By: Dr. Mark Lachs
For many people, there is the desire to remain in their home for as long as they can – long into their elder years. Making your home “age friendly” IS possible with a little forethought and planning, and making a few tweaks here and there. By making even minor modifications, you will be able to create a home environment that supports continued independence, minimizes excess disability, and maximizes your safety. There are many things you can do to make your home more suitable as you age, and as your medical needs change.
6 QUICK-FIX MINOR MODIFICATIONS
The bathroom is the most dangerous place in the home. It has hard surfaces, slippery wet floors, nothing but your birthday suit between you and the tile and tub, and to top it off, poor access to a phone should something go wrong.
Quick Fix: Even if money is tight, this is one place where spending may be worth it. Install grab bars or use a bath chair – both will make it easier to enter and exit the tub while reducing the chances of a preventable fall. You may also want to consider replacing the bathtub with a walk-in shower or a walk-in tub which provides an easier and safer entry and exit. Traction slips or non-skid tape are a good idea for the bottom of the bath. If the bathroom floor is slippery, it can be covered with secure slip-resistant materials.
As we age, we need more light to compensate for changes to the visual system. Lighting is an important factor in preventing falls since areas that are poorly lit or in shadow can hide slipping and tripping hazards.
Quick Fix: You will notice a huge difference if you install higher-wattage bulbs or additional lights in strategic locations around your home. You can also buy stick-on lights or light tape to put along stairs, on the ground, or in cabinets that are too dark. Also, indirect lighting or frosted bulbs can be used to reduce glare.
Tripping over loose carpets, cords, or other obstacles on the floor is a common fall scenario. Flooring “transition points” between rooms and surfaces produce potential tripping hazards as our gait changes with age. The risk of accidents increases on slippery surfaces, particularly in wet locations such as bathrooms, kitchens and entryways. Some elderly have vision issues that are exacerbated by color and glare. Area rugs can be a huge danger, especially if they slide or have edges that curl up to produce trip hazards.
Quick Fix: Install a non-slip flooring surface. Consider vinyl flooring, which has more give, in case of a fall, and provides a more forgiving surface allowing you to stand for longer periods of time. If you use throw rugs, be sure to securely tape them down to prevent trips and falls. Carpeting should be low pile and free of tears, holes, or wear that could cause slips or trips.
4. Bright Colors
The use of color can work wonders as we age. It can make it easier to find items quickly.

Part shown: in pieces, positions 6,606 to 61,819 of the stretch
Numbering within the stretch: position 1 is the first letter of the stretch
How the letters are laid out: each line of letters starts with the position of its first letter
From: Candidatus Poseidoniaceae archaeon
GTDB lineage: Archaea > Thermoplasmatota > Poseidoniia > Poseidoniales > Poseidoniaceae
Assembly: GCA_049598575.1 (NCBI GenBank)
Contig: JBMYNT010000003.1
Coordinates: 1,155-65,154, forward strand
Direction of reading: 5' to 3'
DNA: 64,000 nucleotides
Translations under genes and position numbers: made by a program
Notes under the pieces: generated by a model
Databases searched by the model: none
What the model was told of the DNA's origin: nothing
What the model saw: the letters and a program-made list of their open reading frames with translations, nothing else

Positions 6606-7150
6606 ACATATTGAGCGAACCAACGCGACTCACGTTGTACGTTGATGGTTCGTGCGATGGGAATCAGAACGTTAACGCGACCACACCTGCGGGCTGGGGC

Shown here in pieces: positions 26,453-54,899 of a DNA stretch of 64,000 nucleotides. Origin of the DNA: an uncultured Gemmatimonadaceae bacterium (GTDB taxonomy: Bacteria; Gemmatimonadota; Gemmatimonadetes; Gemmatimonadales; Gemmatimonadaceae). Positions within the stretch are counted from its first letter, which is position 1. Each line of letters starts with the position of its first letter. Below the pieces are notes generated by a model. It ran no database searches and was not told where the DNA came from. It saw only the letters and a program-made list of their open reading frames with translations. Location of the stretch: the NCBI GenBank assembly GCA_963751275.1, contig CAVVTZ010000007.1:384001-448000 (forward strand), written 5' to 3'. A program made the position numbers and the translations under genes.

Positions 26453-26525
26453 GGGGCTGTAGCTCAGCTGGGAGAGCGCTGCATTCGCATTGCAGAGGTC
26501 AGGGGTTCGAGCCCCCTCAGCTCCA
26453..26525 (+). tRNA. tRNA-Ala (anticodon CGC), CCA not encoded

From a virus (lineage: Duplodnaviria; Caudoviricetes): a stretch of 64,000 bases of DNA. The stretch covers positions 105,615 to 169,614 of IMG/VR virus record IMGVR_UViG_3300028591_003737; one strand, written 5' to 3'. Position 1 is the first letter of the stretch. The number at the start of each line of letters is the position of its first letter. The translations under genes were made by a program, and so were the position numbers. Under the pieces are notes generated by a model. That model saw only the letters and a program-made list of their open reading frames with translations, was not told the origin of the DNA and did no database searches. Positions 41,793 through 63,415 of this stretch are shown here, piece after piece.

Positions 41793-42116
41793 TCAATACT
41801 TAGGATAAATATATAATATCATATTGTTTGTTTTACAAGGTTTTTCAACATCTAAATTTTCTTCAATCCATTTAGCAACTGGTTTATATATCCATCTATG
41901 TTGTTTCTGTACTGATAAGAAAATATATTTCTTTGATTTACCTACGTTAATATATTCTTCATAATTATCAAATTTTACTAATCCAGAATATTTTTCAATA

Quick Fix: Consider sharply contrasting colors at important transitions, such as using a brightly colored bedspread which contrasts with the flooring color – so edges can be safely identified to avoid a tripping hazard. Never choose the same color for a seating surface and the floor…..or your derriere could easily miss the target!
It is often more difficult to rise from deep seating cushions or from chairs without arms to help boost you up. If the bed is too high, this can cause trouble getting in or out of bed.
Quick Fix: Rather than replace what you have, get higher cushions to avoid sinking into the furniture. Also, the bed can be lowered so that it’s closer to the floor. If you have a pillow-top mattress, this may be making the bed too high.
6. Kitchen Items
Kitchen utensils may be harder to grip and manipulate as we get older and our dexterity is affected. As well, you may find that your appliances are no longer convenient or easy to reach. For example, it might be easier for a microwave to be on a separate microwave stand instead of in a raised cabinet or at the back of a countertop.
Quick Fix: Most kitchen tools are available in ergonomically designed models that are easier to use as we get older – they require less force and manual dexterity. And a microwave can go on microwave stand instead of at the back of a counter or set into a cabinet.
There are also a whole host of simple technology fixes which you can install to make it easier to remain in your home. Think about telephones with large buttons, phones that flash when they ring, and doorbells that turn on a light. You can always reach out to your local senior center or another community-based program who can offer suggestions for your needs.
Although I love the idea of keeping the elderly in their home for as long as feasible, one of the most important things to realize is that sometimes it is impossible to make home modifications suitable for everyone. There may come a time when you might have to encourage a parent to come to the realization that they need more than their house can provide. At that point, you will want to do your research to know what other options are available.
Mark is the Co-founder, Executive Vice President and Chief Gerontological Officer at CompassCare. He is MD, MPH and Co-Chief of Geriatrics at NY Presbyterian Hospital and a Distinguished Professor of Medicine at Weill Cornell Medical College. Mark is a bestselling author and is internationally recognized as an expert in aging.